The Kalash or the Kalasha are the only pagan minority residing in the Chitral district of the province of Khyber Pakhtunkhua . They form the smallest minority community in the Islamic Republic of Pakistan . Though the people of Kalash were once in a large number, around 200,000, the number has dwindled so much so that only a handful of Kalashas remain— about 3000 to 4000. The striking decrease in the population of Kalashas pertains to the forceful conversion of these pagans to Islam. Even in the current day scenario, smallest pagan minority is hardly given any rights and is not recognized as a separate entity. Only a handful of foreign NGOs are working towards the development and progress of this area and tribe. As such, the Kalasha Valleys are a source of attraction for Pakistani as well as International tourists. There are three main valleys.
|Type:||Chitral District in northern Pakistan|
|Local Language Name:||کالاش ویلی|
|Coordinates :||35°42’2″N 71°41’29″E|
|Elevation:||1,128 m (3,701 ft)|
|Total Area:||456.58 km2 (176.29 sq mi)|
|Population :||9,000 (2003)|
|Density:||20/km2 (51/sq mi)|
|Surrounded by:||Hindu Kush mountain range.|
|Valleys in Kalash:||There are three main valleys in Kalash|
|Names of Valleys :||Bumburet (Mumuret), Birir and Rumbur|
|Festivals:||Joshi, Uchau, Caumus|
|Joshi Festival:||Celebrated in May|
|Uchau Festival:||Celebrated in mid August|
|Time zone:||PST (UTC+5)|
|Area dialing code:||49122|
|Languages:||Bumburet, Birir and Rumbur|
Table of Contents
The Kalash valleys of Chitral are located in the southern gorges of the Hindu Kush mountain range in Pakistan’s Khyber Pakhtunkhwa Province. The valleys share a 380 km border with Afghanistan in the north & west, and the Central Asian states of Tajikistan, Uzbekistan and Kirghizstan are easily accessible from the area. To the east lies Gilgit, from where one can reach China’s Xinjiang Autonomous Region along the legendary Karakoram Highway.
Origion of Kalash
There are three theories about the origin of the Kalash. Some historians believe that the Kalash are descendants of the soldiers of Alexander the Great, while the second group believes that they are indigenous to Asia and came from what is now the Nuristan area of Afghanistan, and according to the third school of thought; the Kalash ancestors migrated to Afghanistan from a distant place in South Asia, which they call “Tsiyam” in their folk songs and epics. However, it is established that the Kalash migrated to Chitral from Afghanistan in the 2nd century B.C.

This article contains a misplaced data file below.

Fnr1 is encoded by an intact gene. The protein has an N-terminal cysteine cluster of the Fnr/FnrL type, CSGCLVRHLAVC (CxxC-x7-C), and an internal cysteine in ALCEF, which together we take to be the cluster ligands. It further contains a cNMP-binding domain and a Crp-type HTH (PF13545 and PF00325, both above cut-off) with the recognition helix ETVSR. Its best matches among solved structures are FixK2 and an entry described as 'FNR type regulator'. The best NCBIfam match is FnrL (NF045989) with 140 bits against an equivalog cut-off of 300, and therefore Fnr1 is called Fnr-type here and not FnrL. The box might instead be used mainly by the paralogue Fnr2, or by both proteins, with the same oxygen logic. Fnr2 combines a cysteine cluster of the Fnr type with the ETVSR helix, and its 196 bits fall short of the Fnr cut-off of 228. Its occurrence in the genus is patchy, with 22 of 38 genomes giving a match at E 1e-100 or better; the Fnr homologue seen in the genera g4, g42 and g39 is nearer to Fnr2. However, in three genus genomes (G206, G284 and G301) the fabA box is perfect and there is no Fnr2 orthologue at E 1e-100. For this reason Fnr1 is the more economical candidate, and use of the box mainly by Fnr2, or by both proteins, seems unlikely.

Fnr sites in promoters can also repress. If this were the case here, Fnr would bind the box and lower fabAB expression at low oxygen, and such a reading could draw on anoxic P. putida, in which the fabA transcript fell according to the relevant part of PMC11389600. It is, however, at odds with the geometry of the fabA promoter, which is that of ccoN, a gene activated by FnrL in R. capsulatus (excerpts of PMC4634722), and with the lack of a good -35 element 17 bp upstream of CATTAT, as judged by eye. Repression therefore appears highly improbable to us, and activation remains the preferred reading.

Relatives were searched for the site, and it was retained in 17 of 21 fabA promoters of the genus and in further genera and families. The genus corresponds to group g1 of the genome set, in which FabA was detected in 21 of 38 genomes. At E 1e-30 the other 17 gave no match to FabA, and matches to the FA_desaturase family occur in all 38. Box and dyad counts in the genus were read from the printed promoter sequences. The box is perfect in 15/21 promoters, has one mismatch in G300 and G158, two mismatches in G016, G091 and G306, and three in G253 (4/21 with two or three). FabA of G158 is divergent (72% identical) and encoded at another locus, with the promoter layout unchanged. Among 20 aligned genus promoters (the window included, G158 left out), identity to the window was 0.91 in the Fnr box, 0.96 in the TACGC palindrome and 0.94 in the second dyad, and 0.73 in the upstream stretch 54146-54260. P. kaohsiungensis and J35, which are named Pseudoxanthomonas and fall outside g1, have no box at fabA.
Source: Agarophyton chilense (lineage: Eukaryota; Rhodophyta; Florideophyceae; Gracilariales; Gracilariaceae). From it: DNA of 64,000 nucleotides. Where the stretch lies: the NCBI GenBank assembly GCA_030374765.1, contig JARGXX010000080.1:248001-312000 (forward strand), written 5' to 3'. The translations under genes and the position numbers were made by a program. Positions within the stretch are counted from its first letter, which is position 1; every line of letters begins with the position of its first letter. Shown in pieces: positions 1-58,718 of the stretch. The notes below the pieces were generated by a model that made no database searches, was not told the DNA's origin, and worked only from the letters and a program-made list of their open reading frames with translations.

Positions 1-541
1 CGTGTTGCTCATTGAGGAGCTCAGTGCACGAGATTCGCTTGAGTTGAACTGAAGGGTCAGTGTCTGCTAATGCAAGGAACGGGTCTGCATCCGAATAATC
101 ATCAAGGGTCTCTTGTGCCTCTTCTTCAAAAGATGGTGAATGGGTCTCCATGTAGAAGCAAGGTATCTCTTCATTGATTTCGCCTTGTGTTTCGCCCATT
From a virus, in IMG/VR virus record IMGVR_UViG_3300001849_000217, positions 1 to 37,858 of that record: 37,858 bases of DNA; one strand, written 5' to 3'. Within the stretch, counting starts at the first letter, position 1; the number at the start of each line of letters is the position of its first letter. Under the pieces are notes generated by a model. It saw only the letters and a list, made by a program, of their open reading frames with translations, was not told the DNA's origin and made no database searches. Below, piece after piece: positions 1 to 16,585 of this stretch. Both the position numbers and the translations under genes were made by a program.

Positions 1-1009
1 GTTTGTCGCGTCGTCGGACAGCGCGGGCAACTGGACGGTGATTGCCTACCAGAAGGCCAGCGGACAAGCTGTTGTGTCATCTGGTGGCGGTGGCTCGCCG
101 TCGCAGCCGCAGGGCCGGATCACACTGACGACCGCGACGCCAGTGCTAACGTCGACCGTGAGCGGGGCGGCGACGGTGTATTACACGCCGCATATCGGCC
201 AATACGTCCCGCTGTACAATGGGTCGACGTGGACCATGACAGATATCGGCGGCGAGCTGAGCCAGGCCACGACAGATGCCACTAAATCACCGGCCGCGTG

The origins of Kalashas still remain unresolved as their history is shrouded behind a number of theories, mysteries and controversies. Of these many theories, three carry with them great significance and are considered closest to reality.The grandest of all is that the Kalashas carry a romantic view of being the descendents of Alexander the Great. On the other hand, many historians believe that they are indigenous tribe of the neighboring area of Nuristan also called Kafiristan (the land of Kafirs). It is believed that in 1895 Amir Abdul Rahman, the king of Afghanistan, conquered the area of Nursitan and forced the inhabitants of the area to convert to Islam. It was during that time that many people fled to Chitral Valley to avoid conversion. The third theory claims that the ancestors of Kalashas migrated from a distant place in South Asia called Tsiam. The Tsiam is considered to be the traditional home of these people. The Kalasha folk songs and fables hint the existence of Tsiam and that their roots belong in that region.
The language of the Kalash is the Kalasha and is a Dardic language (sub group of Indo-Aryan languages spoken in Northern Pakistan , eastern Afghanistan and Azad Jammu and Kashmir). The language is spoken by a handful of people approximately 5000 and is considered to be critically endangered by UNESCO. The Kalasha language has no proper script; however, there have been recent developments in introducing a formal script for the language.
Like all the other religions, the Kalasha also have different religious rituals and practices. In Kalash the rituals are the means of generating economic activity and are gift giving festivals.The numerous Gods and Goddesses have shrines and altars all over the valley where goat sacrifices are offered regularly. Crows that are considered to be their ancestors are frequently fed with their left hand at a number of places including tombs. Moreover, the people of Kalash do not bury their dead under the ground rather their coffins are left out in the open. They believe that the soul was excited to leave the human body and reunite with the already departed souls. It is for this reason that they celebrate the funeral of a dead person by singing and dancing rather than mourning over their bodies.
The inhabitants of the Kalash valley celebrate a number of festivals all year round. The three predominant festivals are as follows:
- Joshi: It is celebrated in May and marks the arrival of spring. People wear new clothes and women accessorize heavily, girls are sent to the hill side for dancing and singing. Women decorate their houses and collect milk from the cattle, One year old babies and their mothers are also purified in this festival.
- Uchau: This festival takes place in mid August at the altar of Mahandeo where newly made cheese is brought from the pastures. Dancing and singing again forms an integral part of the festival.
- Caumus: It is the most important festival held in mid December.